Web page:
tions of the year, of the month, and of certain hours of the early evening, during which the male is attracted from below to the luminous female at the surface. Various species of earth worms have also been reported to be photogenic, and it seems probable that the usefulness of the luminosity in this case is somewhat the same as in the Odontosyllid mentioned above.
The bivalve Pholas dactylus presents another anomaly, however, for it lives a rather sedentary life, and is certainly not poisonous, at least to man. Yet it possesses definite photogenic organs. Although it is possible that in this case the luminosity is protective, we probably have here one of the cases of the limited use of photogenicity, not yet discovered.
Among the Crustacea there are several interesting cases of photogenicity, and in regard to them, and indeed to the whole subject of the use of "phosphorescence" in sea-forms, Alcock's interesting book "A Naturalist in Indian Seas," is well worth reading. Certain shrimplike crustaceans throw out from glands, corresponding to kidneys, a substance which in contact with sea-water produces clouds of bluish light. There seems but little doubt that this is defensive in nature, and acts in much the same manner as the "ink" of the cuttle-fish. Some of these prawns are provided with enormous eyes, others with only rudimentary ones, and some with none at all. Alcock also mentions a large spider-crab, which, although completely blind, "shone like a star." Here we may readily conceive the light is alluring in function, serving to attract the creatures on which the crab feeds.
Among the insects we find the most widely known cases of photogenicity, and probably, also, the greatest field of usefulness. "With the true fireflies, the Lampyridæ, the evidence that has been collected tends to show that the possession of the photogenic function is primarily a secondary sexual character. It has long been known that if the female of the European glowworm (Lampyris noctiluca) were exposed by night, a male would shortly come to it. The use of the photogenic function as a secondary sexual character has also been shown for the Italian luciola, and for certain of the fireflies common in the eastern United States (e. g., Photinus pyralis), and it appears probable that the same thing applies to the entire family. Curiously enough, the true "lightning bugs" show but little tendency to come to ordinary lights, though in Photinus pyralis either sex will respond to a small electric bulb operated in imitation of the light of the opposite sex.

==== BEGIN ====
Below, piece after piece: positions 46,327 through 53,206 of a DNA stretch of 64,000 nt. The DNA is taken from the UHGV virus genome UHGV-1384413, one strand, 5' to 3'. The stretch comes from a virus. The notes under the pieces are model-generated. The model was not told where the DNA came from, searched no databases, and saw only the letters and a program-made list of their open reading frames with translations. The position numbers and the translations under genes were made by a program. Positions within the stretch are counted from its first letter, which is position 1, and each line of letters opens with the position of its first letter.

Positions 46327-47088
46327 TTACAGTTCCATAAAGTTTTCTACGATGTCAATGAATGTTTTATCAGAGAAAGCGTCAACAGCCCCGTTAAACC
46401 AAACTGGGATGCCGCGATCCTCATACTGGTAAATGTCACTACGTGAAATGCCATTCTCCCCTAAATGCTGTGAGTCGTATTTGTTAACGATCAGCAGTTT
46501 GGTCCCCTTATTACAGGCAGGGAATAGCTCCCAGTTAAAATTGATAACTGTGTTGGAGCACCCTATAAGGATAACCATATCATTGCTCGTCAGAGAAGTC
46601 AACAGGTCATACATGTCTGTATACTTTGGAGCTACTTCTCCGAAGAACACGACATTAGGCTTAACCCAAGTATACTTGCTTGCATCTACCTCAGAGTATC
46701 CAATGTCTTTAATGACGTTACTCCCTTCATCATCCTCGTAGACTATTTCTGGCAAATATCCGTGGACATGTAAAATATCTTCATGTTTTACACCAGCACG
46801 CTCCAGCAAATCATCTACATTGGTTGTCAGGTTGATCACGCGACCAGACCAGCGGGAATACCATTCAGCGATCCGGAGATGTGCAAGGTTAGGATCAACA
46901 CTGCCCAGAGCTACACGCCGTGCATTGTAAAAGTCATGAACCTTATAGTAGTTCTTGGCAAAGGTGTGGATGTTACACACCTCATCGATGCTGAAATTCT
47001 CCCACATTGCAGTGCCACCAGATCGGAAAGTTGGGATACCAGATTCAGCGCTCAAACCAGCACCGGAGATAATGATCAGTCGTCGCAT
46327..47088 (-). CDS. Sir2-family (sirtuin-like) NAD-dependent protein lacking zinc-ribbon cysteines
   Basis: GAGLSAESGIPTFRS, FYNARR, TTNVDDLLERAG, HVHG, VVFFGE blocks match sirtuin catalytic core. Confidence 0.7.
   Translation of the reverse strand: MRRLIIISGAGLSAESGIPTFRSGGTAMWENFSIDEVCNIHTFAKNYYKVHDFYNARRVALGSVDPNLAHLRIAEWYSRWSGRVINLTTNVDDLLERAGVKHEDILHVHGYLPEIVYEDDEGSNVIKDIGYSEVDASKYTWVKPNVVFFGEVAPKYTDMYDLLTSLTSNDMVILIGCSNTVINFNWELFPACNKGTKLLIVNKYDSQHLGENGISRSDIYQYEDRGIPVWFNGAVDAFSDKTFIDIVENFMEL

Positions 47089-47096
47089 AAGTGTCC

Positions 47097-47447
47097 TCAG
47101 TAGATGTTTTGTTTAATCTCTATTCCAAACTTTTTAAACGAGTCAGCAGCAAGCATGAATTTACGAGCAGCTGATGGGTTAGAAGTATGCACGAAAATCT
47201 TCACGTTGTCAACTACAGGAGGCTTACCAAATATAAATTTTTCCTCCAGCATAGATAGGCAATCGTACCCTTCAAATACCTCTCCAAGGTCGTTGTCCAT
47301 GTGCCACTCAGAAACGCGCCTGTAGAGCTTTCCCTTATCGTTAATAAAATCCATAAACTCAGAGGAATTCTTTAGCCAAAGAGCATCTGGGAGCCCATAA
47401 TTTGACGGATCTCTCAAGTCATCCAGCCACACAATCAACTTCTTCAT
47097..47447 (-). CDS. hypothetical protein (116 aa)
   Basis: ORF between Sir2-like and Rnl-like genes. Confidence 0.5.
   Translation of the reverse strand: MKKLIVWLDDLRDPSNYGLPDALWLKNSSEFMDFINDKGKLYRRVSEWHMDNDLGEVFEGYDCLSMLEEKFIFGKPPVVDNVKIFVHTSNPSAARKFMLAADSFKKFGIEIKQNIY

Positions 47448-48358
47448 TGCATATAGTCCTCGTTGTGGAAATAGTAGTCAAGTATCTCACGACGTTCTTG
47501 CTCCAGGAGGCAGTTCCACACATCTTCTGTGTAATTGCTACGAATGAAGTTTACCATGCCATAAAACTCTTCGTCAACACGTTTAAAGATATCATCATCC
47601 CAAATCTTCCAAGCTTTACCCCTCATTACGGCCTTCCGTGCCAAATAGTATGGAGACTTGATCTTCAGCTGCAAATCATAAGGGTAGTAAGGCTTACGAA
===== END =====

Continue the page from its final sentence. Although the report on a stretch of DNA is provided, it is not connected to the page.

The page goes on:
Among the Pyrophores, the Elaterid fireflies of the tropics, such as the cucuyo of Cuba, the luminosity very probably plays the same role as in the Lampyrids. These insects give a light which is continuous, though of varying intensity, instead of a flashing light as is emitted by
- McDermott, Canad, Entomol., 1911 (in press).